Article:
Gentlemen of the Senate and of the House of Representatives:
In my first communication to Congress during their present session I gave them reason to expect that "certain circumstances of our intercourse with foreign nations" would be transmitted to them. There was at that time every assurance for believing that some of the most important of our foreign affairs would have been concluded and others considerably matured before they should rise. But notwithstanding I have waited until this moment, it has so happened that, either from causes unknown to me or from events which could not be controlled, I am yet unable to execute my original intention. That I may, however, fulfill the expectation given as far as the actual situation of things will in my judgment permit, I now, in confidence, lay before Congress the following general statement:
Our minister near the French Republic has urged compensation for the injuries which our commerce has sustained from captures by French cruisers, from the nonfulfillment of the contracts of the agents of that Republic with our citizens, and from the embargo at Bordeaux. He has also pressed an allowance for the money voted by Congress for relieving the inhabitants of St. Domingo. It affords me the highest pleasure to inform Congress that perfect harmony reigns between the two Republics, and that those claims are in a train of being discussed with candor and of being amicably adjusted.
So much of our relation to Great Britain may depend upon the result of our late negotiations in London that until that result shall arrive I can not undertake to make any communication upon this subject.
After the negotiation with Spain had been long depending unusual and unexpected embarrassments were raised to interrupt its progress. But the commissioner of His Catholic Majesty near the United States having declared to the Secretary of State that if a particular accommodation should be made in the conducting of the business no further delay would ensue, I thought proper, under all circumstances, to send to His Catholic Majesty an envoy extraordinary specially charged to bring to a conclusion the discussions which have been formerly announced to Congress.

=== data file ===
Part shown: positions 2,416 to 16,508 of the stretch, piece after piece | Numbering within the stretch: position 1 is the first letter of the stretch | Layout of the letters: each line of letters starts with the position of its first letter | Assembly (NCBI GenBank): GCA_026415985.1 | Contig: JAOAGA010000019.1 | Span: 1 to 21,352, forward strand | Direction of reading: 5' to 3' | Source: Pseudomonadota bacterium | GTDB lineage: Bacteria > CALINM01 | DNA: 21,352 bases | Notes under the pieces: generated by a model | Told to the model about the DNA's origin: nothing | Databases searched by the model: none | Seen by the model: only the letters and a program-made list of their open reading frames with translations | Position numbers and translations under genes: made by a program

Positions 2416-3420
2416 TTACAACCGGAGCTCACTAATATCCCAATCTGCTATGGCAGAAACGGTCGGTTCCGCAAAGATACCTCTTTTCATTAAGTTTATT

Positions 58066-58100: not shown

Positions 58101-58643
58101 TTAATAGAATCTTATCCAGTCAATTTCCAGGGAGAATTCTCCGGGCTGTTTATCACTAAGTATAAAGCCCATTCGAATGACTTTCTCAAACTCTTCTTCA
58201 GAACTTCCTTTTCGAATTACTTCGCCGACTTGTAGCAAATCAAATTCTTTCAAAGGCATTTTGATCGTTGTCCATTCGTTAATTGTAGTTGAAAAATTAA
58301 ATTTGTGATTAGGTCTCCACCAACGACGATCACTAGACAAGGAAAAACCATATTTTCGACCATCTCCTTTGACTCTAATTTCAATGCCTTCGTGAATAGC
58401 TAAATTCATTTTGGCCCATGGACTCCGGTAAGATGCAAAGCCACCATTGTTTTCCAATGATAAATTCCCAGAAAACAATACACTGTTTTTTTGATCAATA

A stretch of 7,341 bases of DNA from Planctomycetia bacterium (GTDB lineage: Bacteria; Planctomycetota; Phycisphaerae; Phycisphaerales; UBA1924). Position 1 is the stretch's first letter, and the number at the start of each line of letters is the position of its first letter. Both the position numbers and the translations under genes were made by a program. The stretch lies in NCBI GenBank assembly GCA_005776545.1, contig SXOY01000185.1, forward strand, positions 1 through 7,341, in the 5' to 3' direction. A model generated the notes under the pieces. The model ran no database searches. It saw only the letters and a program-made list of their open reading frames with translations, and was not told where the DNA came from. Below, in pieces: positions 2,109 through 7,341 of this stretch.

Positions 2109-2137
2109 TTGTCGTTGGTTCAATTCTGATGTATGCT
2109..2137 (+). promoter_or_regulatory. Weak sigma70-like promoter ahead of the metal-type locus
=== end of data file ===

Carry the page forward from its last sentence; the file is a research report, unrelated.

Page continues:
The friendship of Her Most Faithful Majesty has been often manifested in checking the passage of the Algerine corsairs into the Atlantic Ocean. She has also furnished occasional convoys to the vessels of the United States, even when bound to other ports than her own. We may therefore promise ourselves that, as in the ordinary course of things few causes can exist for dissatisfaction between the United States and Portugal, so the temper with which accidental difficulties will be met on each side will speedily remove them.
Between the Executive of the United States and the Government of the United Netherlands but little intercourse has taken place during the last year. It may be acceptable to Congress to learn that our credit in Holland is represented as standing upon the most respectable footing.
Upon the death of the late Emperor of Morocco an agent was dispatched to renew with his successor the treaty which the United State had made with him. The agent, unfortunately, died after he had reached Europe in the prosecution of his mission. But until lately it was impossible to determine with any degree of probability who of the competitors for that Empire would be ultimately fixed in the supreme power. Although the measures which have been since adopted for the renewal of the treaty have been obstructed by the disturbed situation of Amsterdam, there are good grounds for presuming as yet upon the pacific disposition of the Emperor, in fact, toward the United States, and that the past miscarriage will be shortly remedied.
Congress are already acquainted with the failure of the loan attempted in Holland for the relief of our unhappy fellow-citizens in Algiers. This subject, than which none deserves a more affectionate zeal, has constantly commanded my best exertions. I am happy, therefore, in being able to say that from the last authentic accounts the Dey was disposed to treat for a peace and ransom, and that both would in all probability have been accomplished had we not been disappointed in the means. Nothing which depends upon the Executive shall be left undone for carrying into immediate effect the supplementary act of Congress.
George Washington, Special Message Online by Gerhard Peters and John T. Woolley, The American Presidency Project https://www.presidency.ucsb.edu/node/208020